(Edmonton) Before Canadian Khaled Hashi and his team began their work in Somalia, the country of about 15 million people spoke Somali or mainly Arabic information on COVID-19 was only available in one language.
“It was all in English,” said the 30-year-old Somali-born, Ontario-born and raised in Edmonton.
Hashi says he traveled to the Horn of Africa last spring to help launch a digital information campaign to address concerns, misinformation and rumors about the novel coronavirus in a way that communities and villages can understand.
“At first, people were very hesitant to listen,” recalls Mr. Hashi. There was misinformation in all the villages. It was tough and still tough. Today, however, information about the virus is no longer circulating. People are beginning to understand how dangerous the virus is. ”
After obtaining approval from the Somali Ministry of Health, he developed a program he had set up three years ago to include videos and information about COVID-19 in local languages. Front line workers in Somalia went door-to-door in 45 villages. They continue to view videos on tablets.
This content, which really helps prevent and mitigate the risks, has spread across four regions to reach 60,000 Travelers. “There are about 100,000 posts on social media,” says Hashi.
His team has since incorporated features into the program that sends out emergency community alerts about the pandemic.
Somalia has more than 5,000 confirmed cases of COVID-19, including more than 1,000 active cases. Abdul Hamid Warsami, a researcher at the London School of Hygiene and Tropical Medicine, said about 144 people have died from the infection. Currently, it is established in Somalia and is working on a research project on COVID-19.
There is a lot of misinformation about the disease. They say it is not really present in Somalia or that it is the disease of outsiders. People don’t really take the precautions that they should. Warsam says that Khaled’s work goes a long way in trying to overcome this challenge. There have been fewer and fewer cases over time. Khaled’s experience, equipment, and distribution channels certainly contribute to the COVID-19 response in Somalia. ”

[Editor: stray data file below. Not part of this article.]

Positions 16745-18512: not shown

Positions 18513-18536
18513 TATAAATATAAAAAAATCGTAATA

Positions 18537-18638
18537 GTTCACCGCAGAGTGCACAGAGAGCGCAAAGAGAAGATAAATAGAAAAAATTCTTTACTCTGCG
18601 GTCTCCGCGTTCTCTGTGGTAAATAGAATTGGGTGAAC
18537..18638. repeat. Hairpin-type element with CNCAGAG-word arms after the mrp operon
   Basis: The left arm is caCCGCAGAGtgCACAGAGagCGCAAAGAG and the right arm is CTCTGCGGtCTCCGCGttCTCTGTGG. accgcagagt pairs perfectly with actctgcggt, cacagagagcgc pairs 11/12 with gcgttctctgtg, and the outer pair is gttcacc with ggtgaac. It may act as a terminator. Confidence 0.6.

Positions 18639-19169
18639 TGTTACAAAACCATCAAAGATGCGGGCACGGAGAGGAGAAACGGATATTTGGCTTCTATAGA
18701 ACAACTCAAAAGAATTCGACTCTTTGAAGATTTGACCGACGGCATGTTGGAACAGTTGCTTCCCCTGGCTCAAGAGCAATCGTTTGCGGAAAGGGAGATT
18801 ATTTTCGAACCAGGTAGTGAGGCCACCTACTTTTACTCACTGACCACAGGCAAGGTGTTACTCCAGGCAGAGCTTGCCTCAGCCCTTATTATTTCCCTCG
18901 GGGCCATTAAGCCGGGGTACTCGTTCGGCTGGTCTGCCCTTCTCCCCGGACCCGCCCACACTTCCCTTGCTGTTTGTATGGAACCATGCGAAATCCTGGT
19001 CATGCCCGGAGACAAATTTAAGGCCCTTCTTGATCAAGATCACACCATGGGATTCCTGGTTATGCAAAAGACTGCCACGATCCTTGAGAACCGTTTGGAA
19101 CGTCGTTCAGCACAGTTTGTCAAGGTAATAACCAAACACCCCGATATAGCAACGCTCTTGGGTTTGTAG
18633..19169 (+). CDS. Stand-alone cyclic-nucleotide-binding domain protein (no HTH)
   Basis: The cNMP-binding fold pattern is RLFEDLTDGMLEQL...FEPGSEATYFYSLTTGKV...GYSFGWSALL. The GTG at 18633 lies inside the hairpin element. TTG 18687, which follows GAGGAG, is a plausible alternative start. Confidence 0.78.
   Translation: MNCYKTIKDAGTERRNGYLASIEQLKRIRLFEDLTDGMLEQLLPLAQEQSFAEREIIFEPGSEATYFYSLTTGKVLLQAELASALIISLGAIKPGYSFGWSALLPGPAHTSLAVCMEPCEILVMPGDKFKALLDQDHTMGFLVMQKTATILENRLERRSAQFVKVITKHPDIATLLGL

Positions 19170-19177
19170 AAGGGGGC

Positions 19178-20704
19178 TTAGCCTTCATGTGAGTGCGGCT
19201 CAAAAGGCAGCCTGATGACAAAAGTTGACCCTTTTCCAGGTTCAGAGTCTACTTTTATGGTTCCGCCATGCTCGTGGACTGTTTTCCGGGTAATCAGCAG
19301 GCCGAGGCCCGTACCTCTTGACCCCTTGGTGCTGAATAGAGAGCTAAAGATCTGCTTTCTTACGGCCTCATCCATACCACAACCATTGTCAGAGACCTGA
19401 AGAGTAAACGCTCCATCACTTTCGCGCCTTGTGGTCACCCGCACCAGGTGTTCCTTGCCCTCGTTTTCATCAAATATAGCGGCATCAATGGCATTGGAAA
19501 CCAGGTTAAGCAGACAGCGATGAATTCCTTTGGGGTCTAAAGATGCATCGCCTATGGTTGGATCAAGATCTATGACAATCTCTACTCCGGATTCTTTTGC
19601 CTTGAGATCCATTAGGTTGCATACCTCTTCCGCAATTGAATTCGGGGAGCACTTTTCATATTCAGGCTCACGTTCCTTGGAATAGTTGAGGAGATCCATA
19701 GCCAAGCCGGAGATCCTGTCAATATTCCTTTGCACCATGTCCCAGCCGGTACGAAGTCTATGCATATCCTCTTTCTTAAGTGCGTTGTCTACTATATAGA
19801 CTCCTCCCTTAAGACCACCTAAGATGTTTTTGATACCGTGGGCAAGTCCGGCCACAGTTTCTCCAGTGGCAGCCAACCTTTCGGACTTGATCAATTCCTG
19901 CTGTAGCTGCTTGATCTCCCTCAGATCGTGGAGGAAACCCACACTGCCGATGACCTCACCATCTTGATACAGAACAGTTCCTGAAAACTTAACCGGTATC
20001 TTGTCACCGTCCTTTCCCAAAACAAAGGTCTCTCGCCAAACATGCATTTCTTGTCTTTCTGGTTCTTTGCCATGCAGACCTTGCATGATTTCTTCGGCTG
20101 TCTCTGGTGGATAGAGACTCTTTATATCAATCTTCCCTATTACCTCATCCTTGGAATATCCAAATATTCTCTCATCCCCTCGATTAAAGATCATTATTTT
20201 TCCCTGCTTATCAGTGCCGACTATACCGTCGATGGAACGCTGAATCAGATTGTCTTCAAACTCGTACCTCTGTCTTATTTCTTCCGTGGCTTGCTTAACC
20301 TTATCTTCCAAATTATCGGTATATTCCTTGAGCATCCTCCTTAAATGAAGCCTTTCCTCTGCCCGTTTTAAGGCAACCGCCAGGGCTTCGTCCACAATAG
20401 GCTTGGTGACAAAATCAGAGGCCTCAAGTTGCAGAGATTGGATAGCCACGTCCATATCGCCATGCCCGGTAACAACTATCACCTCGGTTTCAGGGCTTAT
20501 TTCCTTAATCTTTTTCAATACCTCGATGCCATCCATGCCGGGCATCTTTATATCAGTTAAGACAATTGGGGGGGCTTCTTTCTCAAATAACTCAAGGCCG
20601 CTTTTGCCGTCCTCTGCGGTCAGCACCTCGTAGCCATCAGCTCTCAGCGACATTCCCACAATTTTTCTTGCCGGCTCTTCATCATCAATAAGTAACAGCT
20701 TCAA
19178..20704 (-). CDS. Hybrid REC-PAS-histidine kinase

Mr. Hashi says the Somali Ministry of Health is reviewing the content of the app and making sure it resonates with communities. We are not talking about a village. We are talking about the national distribution of this content. ”
Public health videos educate residents about symptoms to look for and where to test them.
“It really helps guide people through the next steps to staying safe,” Al-Kindi said. We made the first video of a hospital we were working with to help our doctors. The doctors were showing the video to their patients. People value the content that is sent to rural communities. ”
Hashi says that some of the videos he and his team created in Arabic are also used in Yemen.
The idea came to him in 2017 during a visit to his grandmother. By accompanying him to a doctor, he learned that there are no good ways to follow Somalia’s medical records.
He ended up designing OGOW electronic medical records to store patients’ health information.
Hashi explains, “OGOW means” knowledge “of the Somali language. I named it because I know my grandmother. It’s a constant reminder of why I took this job.
This story was produced with financial assistance from the Facebook Stock Exchange and The Canadian Press for News.
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